TV Network 'Upfronts' Offer Previews of New Shows

Television networks preview their fall shows for advertisers this week at special viewings called "Upfronts" in New York City. Hollywood Reporter writer Andrew Wallenstein is attending the upfronts, and speaks with Madeleine Brand about what's on tap for next season.

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MADELEINE BRAND, host:

From NPR News, it's DAY TO DAY. This week in New York, the television industry gathers for the annual event known as the upfronts. That's where the broadcast networks present their primetime line-ups for the fall to advertisers. And then advertisers decide how much commercial time they will buy upfront. TV critic Andrew Wallenstein is there this week. And Andy, what's the big deal with these upfronts? Why are they so interesting?

Mr. ANDREW WALLENSTEIN (Writer, Hollywood Reporter): Well, I like to compare it to Spring Training. It's kind of like going and seeing these baseball teams for the first time and what kind of line-ups they're going to have in the fall. So if you love television, this is the ultimate sneak peek. But on another level, it's also like watching a chess game between four players. Well, four teams really: ABC, NBC, CBS, and Fox. If you think of the primetime grid as this giant chessboard, everyone's making all these interesting moves, and we're going to see who's going to win various time slots in the fall.

BRAND: So Andy, any new moves from the networks this year? Are they doing anything different?

Mr. WALLENSTEIN: Yeah. There's plenty of new shows and different shows switching time slots. The one that's standing out the most right now, ABC made a very bold move--took their big Sunday night hit Grey's Anatomy, and they're transplanting it to the Thursday 9 p.m. slot. Now that's significant because that's the most competitive night on television. You've got CSI, the big CBS show, at 9:00 as well. There's going to be a tremendous amount of competition.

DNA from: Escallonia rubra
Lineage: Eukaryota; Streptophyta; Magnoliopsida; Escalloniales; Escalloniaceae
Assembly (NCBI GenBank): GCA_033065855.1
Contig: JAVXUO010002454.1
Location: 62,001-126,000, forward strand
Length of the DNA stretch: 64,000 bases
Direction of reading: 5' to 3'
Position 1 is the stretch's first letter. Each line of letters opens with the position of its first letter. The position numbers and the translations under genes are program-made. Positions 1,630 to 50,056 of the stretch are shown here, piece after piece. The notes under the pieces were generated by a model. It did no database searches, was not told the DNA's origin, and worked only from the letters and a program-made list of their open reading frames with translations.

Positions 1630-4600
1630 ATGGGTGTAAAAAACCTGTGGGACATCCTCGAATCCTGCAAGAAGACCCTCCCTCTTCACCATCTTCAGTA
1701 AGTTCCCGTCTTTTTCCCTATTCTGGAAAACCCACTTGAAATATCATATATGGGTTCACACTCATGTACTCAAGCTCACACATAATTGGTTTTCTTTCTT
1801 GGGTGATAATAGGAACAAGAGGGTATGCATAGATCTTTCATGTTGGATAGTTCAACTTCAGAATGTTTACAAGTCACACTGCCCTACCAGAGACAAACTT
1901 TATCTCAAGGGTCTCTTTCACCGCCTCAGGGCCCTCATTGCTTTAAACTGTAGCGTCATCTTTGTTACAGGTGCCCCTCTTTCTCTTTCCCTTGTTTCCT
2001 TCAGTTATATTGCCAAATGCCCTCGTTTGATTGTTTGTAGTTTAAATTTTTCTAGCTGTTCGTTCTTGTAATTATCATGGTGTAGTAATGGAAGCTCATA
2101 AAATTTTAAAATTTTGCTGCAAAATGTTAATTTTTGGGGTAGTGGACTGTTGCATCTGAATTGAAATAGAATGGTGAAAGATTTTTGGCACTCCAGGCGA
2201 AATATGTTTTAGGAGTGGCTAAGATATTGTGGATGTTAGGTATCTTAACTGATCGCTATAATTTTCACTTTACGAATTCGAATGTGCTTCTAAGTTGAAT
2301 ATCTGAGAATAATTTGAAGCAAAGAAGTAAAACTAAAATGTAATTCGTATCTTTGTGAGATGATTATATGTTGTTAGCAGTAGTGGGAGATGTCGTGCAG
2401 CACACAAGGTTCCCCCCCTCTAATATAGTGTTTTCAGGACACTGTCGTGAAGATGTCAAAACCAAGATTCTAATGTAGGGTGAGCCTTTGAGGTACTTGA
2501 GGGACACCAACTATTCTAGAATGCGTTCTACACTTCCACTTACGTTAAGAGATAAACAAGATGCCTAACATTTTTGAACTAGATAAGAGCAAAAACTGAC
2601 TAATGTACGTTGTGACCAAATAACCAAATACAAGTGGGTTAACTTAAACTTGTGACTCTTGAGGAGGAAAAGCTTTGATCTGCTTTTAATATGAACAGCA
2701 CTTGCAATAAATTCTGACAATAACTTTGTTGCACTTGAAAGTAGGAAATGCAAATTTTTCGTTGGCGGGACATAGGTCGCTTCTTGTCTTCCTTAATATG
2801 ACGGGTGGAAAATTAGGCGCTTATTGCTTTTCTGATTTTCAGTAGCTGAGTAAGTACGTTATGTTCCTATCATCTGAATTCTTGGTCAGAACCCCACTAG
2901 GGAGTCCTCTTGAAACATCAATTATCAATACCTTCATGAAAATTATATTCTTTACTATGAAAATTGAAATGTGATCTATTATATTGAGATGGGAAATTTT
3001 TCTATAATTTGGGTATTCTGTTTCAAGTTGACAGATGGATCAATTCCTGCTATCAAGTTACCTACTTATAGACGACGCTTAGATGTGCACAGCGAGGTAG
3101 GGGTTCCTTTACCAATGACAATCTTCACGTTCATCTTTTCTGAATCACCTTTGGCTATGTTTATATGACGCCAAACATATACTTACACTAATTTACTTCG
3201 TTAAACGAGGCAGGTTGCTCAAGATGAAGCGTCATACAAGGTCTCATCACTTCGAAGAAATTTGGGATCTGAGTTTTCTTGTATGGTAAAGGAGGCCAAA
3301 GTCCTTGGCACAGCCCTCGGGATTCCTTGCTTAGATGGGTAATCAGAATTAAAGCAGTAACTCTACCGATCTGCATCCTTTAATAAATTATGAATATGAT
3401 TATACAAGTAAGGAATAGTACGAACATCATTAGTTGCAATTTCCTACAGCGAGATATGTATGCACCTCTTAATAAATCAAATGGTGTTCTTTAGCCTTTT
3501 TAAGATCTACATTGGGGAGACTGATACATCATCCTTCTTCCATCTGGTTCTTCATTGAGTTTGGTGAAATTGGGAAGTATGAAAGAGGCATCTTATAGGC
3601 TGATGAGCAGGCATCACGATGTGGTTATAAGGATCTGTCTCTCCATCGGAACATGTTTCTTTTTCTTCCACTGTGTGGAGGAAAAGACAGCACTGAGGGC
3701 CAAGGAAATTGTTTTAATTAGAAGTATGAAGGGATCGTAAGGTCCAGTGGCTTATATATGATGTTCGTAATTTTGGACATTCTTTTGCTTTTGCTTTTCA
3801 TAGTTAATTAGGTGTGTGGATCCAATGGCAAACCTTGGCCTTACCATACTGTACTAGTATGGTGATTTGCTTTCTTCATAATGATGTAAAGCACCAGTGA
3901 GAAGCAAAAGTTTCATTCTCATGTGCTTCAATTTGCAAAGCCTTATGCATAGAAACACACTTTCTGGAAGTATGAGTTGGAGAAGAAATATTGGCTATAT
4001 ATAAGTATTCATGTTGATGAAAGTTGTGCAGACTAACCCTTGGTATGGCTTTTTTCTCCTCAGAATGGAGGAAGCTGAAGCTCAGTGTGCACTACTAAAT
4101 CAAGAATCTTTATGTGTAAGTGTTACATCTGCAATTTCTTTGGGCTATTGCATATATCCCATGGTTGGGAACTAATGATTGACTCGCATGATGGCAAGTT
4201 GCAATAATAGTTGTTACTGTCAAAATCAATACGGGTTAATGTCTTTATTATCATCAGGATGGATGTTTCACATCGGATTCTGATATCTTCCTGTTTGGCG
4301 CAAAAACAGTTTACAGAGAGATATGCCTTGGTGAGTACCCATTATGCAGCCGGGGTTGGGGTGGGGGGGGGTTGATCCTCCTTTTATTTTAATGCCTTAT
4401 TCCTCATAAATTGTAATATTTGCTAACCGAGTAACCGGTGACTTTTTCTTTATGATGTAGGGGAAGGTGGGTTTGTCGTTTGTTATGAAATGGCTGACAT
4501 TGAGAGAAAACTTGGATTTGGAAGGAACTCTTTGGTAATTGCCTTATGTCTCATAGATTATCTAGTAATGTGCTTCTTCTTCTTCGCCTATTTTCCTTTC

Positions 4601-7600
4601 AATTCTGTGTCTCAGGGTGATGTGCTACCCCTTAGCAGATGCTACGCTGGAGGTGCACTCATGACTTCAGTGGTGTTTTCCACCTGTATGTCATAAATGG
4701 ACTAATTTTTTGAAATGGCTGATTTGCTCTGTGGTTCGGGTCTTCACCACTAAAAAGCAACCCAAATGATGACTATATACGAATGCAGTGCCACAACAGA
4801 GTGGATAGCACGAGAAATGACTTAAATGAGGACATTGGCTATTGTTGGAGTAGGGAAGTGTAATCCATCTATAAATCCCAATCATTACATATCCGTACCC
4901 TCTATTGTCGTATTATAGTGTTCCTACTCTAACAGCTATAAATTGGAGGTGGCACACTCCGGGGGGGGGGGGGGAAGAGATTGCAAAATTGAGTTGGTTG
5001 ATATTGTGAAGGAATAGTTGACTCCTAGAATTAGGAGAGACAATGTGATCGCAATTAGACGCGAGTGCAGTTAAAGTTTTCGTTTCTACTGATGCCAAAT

NBC is, from what we hear, may already be running scared and moving a show they had put in that time slot to another night that's less competitive. So, this is what I'm talking about when I say it's kind of like a chess game.

BRAND: Well, you mentioned NBC. Thursday nights used to be NBC's night, with Seinfeld and Friends. That was the glory days of NBC. And now NBC has been criticized as a bit of a laggard. So, does it have anything at the upfronts?

Mr. WALLENSTEIN: Well, you know, I've seen a show or two that suggests that they could be hits. I don't think anything on Thursday night that they're doing is particularly strong. They're adding a new drama that I said, again, may be moving. It's called Studio 60 on the Sunset Strip. It's sort of like an inside take on a comedy sketch show, which I think is a bit too high concept for television. I'm wondering whether they're going to perhaps put something else in there to better deal with what a competitive night it's becoming.

BRAND: And did any show catch your eye there?

Mr. WALLENSTEIN: You know, ABC, they're so good at these dramas like Lost and Grey's Anatomy, they've got a few more that I think are going to be great. They've got a show, remember this name, it's called The Nine. And it's going to air after Lost, and it has to do with the aftermath of a bank robbery. I know it doesn't sound thrilling, but it is clearly the best thing I've seen so far this week.

BRAND: And it's a bunch of bank robbers hanging out counting their money, or what?

Mr. WALLENSTEIN: Not quite. It's actually about the hostages from a bank robbery, and how that incident changed their lives. Very high concept, very different.

BRAND: The networks are expanding aggressively into new media, and I'm wondering if they're unveiling anything new and revolutionary there at the upfronts this week.

Mr. WALLENSTEIN: I don't know about revolutionary, but, you know, it really is such a different kind of show than we've seen from past years, where it was all about what's going to be in prime time. Now each network, particularly NBC, is spending a lot of time about what they're doing on the Internet, what they're doing in mobile. I mean, basically, they want to sort of expand the TV experience off TV. So, we're getting all sorts of details about these new digital platforms that really didn't amount to much previous to this year.

BRAND: Andrew Wallenstein is co-host of the show Square Off on the TV Guide Channel. Thanks, Andy.

Mr. WALLENSTEIN: Thanks.

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